Overnight Finance: Trump pitches tax reform as boon to truckers | Trump threatens ending NAFTA in meeting with Trudeau | GOP tax writer promises swift action | House advances $36.5B in disaster funding without offsets | Biz giants push Supreme Court on LG

Overnight Finance: Trump pitches tax reform as boon to truckers | Trump threatens ending NAFTA in meeting with Trudeau | GOP tax writer promises swift action | House advances $36.5B in disaster funding without offsets | Biz giants push Supreme Court on LG
© Getty Images

Trump sells tax reform with trucker backdrop in Pennsylvania: MIDDLETOWN, Pa. -- President Trump said Wednesday his tax proposal will be a boon for the trucking industry, the type of working-class constituency he won over during last year's presidential election.

"When your trucks are moving, America is growing," Trump told a crowd of truckers inside an aircraft hangar near the Pennsylvania capital of Harrisburg.

He said his "huge" tax plan would help "remove barriers that slow you down."

The president spoke in front of a giant semi truck with a trailer that said "Win Again: Lower Taxes, Bigger Paychecks, More Jobs."

Trump's speech is an attempt to breathe new life into his push to overhaul the tax code at a time when his administration has been consumed by culture wars, personal feuds and criticism over his response to the humanitarian crisis in Puerto Rico.

The future of the tax plan faces fresh doubts, just two weeks after the White House and congressional Republicans released a framework outlining their tax priorities.

Jordan Fabian and Naomi Jagoda with the story: http://bit.ly/2ydOub7


Trump threatens terminating NAFTA in meeting with Trudeau: President Trump stressed the possibility that the United States may terminate the North American Free Trade Agreement (NAFTA) even as trade negotiators kick off the next round of talks.

Trump gave the chances that the United States, Canada and Mexico could reach a deal on updating the 23-year-old NAFTA pact even odds during an Oval Office meeting with Canadian Prime Minister Justin Trudeau on Wednesday.

"It's possible we won't be able to make a deal and it's possible that we will," Trump told reporters at the White House. "But we'll see if we can do the kind of changes we need," he said.


"We have to protect our workers and, in all fairness, the prime minister wants to protect Canada and his people also."

When asked by a reporter if the deal is dead, Trump said "we'll see what happens. We have a tough negotiation and it's something that you will know in the not so distant future." The Hill's Vicki Needham reports: http://bit.ly/2i578he.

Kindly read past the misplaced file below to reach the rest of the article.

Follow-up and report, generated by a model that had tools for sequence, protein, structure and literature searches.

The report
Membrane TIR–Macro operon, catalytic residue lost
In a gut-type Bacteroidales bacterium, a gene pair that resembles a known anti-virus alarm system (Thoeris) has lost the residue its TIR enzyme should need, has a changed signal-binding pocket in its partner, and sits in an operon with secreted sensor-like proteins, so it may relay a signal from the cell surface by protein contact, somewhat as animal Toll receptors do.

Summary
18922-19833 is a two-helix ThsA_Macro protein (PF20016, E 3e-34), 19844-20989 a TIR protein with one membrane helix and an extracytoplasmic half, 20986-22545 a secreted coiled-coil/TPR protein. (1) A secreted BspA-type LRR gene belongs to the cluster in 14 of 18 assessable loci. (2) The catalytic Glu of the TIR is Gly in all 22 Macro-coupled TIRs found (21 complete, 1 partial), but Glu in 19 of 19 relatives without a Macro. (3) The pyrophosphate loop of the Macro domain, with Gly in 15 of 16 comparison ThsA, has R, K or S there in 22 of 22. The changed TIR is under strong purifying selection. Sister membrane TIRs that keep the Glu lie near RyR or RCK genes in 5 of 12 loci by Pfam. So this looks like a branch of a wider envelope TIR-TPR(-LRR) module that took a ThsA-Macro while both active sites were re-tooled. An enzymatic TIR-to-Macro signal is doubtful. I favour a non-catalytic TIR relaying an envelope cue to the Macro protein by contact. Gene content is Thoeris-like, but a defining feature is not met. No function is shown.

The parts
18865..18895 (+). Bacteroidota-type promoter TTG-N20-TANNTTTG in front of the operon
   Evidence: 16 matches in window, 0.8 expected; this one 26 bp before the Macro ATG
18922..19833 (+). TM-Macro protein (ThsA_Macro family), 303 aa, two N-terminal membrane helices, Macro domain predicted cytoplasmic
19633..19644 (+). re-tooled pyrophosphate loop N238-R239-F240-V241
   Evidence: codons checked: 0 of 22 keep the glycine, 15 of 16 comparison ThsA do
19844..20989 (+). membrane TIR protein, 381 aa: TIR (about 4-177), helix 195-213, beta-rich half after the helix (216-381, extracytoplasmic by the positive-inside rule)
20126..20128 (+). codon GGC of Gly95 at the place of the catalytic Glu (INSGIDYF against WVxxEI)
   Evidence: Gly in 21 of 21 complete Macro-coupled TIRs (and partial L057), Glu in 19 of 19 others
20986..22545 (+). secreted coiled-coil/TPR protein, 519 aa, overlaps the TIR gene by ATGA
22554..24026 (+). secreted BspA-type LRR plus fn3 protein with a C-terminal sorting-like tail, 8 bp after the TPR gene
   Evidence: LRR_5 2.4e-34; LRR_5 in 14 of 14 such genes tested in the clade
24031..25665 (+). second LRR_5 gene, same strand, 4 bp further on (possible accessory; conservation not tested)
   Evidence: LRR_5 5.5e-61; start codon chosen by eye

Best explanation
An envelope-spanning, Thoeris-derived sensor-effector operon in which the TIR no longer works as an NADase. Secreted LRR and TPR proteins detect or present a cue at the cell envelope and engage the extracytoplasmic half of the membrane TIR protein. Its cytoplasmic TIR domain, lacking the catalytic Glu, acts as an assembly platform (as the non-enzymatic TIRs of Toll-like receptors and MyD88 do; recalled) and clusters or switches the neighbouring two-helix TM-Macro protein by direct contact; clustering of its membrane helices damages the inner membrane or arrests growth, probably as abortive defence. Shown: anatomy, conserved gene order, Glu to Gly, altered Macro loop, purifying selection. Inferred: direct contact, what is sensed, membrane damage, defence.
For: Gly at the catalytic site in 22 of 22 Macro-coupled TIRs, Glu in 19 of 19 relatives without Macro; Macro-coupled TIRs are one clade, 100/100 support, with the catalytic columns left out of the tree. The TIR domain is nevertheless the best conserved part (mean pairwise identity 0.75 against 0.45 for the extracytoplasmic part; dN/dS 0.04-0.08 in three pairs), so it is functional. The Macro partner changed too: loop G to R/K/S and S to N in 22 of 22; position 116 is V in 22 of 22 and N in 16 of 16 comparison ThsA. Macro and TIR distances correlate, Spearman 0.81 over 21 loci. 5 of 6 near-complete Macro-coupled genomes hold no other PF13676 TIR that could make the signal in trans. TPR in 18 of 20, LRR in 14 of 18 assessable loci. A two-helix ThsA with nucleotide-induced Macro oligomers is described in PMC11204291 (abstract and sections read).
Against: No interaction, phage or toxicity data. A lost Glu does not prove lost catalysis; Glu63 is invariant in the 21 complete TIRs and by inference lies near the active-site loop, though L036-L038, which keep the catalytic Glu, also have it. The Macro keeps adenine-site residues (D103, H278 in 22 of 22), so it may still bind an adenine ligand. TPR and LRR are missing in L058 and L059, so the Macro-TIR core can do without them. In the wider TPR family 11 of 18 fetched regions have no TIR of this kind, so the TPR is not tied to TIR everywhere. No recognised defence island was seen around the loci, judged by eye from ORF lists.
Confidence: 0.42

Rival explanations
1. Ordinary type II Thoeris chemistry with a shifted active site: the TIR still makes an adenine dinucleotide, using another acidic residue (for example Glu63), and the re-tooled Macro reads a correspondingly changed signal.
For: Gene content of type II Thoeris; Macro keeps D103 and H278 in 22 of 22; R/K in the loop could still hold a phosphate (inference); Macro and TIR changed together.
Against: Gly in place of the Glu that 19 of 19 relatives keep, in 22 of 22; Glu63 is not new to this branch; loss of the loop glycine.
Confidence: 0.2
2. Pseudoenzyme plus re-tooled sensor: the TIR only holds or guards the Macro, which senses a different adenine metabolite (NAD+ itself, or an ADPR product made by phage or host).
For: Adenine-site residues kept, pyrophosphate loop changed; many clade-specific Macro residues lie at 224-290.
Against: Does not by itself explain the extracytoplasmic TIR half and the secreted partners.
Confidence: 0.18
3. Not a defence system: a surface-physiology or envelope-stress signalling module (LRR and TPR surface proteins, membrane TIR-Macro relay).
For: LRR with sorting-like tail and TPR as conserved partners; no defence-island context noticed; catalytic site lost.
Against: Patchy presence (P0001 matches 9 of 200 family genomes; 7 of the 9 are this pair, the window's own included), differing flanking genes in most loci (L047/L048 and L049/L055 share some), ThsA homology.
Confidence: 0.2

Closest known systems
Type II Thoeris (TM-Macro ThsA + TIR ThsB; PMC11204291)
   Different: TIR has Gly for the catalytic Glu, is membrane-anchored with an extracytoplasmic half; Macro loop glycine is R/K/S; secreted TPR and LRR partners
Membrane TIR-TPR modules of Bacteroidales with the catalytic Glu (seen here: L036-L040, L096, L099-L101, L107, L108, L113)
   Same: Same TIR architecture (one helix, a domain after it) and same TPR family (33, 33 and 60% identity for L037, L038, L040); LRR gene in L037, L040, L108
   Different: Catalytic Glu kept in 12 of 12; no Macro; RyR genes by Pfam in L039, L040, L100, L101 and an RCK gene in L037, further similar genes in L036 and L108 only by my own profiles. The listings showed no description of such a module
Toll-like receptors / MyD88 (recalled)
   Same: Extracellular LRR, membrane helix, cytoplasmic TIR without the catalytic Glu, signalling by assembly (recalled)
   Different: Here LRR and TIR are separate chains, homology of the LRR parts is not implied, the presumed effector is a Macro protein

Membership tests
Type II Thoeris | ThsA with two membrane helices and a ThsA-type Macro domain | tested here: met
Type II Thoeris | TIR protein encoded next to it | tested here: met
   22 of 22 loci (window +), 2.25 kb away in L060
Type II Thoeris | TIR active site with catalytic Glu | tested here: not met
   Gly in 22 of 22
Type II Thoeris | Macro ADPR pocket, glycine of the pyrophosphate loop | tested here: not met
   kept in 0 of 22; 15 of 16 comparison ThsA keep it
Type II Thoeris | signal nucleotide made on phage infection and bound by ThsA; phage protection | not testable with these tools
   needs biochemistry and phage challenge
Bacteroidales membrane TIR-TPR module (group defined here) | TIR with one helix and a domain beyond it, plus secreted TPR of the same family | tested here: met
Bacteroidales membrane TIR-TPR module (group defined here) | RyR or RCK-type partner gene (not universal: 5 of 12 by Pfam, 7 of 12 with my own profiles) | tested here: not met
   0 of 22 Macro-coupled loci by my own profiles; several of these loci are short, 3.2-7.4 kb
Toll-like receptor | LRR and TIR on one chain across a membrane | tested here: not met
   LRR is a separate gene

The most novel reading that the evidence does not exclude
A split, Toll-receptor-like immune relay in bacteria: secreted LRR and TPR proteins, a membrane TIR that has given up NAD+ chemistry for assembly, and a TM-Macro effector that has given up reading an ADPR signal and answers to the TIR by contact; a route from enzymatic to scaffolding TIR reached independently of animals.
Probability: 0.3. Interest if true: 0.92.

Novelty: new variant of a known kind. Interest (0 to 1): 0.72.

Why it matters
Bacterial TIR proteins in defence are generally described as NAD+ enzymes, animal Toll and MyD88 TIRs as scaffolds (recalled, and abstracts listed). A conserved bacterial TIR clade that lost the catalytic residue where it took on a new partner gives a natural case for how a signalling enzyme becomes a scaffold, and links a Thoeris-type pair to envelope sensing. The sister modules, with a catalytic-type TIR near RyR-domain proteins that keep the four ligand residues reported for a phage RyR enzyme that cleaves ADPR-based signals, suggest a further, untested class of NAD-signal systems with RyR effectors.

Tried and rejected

Top Republican predicts Christmas Eve vote on tax revamp: A top House Republican on Wednesday predicted Congress would vote to pass a tax bill on Dec. 24, saying the effort to overhaul the tax code would go down to the wire.

Rep. Patrick McHenry (R-N.C.), the House GOP chief deputy whip, said he expected both the House and Senate to finish work on a tax revamp bill on Christmas Eve.

GOP lawmakers and administration officials have pledged to enact a bill to cut individual and business tax rates, broaden the tax base and make the tax code simpler by the end of 2017.

Republicans are eager to make the most sweeping changes to the tax code since 1986 and are desperate to prove their ability to pass major legislation with unified control of the government.

McHenry pressed the need for tax reform at an event organized by Financial Services Roundtable, a leading lobbying group for the financial services industry. The deputy whip asked the audience of Washington policy leaders and lobbyists to judge the Republican tax package by its total effect, not whether it includes a certain deduction or rider.

"Don't let individual provisions drive your activism," McHenry said, calling tax cuts "a powerful element" that could boost economic growth. http://bit.ly/2i3uJit.


But one GOP tax writer is promising swift movement on the bill: A top Republican on the House Ways and Means Committee said Wednesday lawmakers will move quickly on a tax-reform bill once Congress adopts a budget resolution.

"The committee will move with dispatch at that point," Rep. Peter Roskam (R-Ill.) said at an event hosted by The Hill.

"I think you can move right to a markup" of that bill, he said, adding that "everybody knows these basic concepts."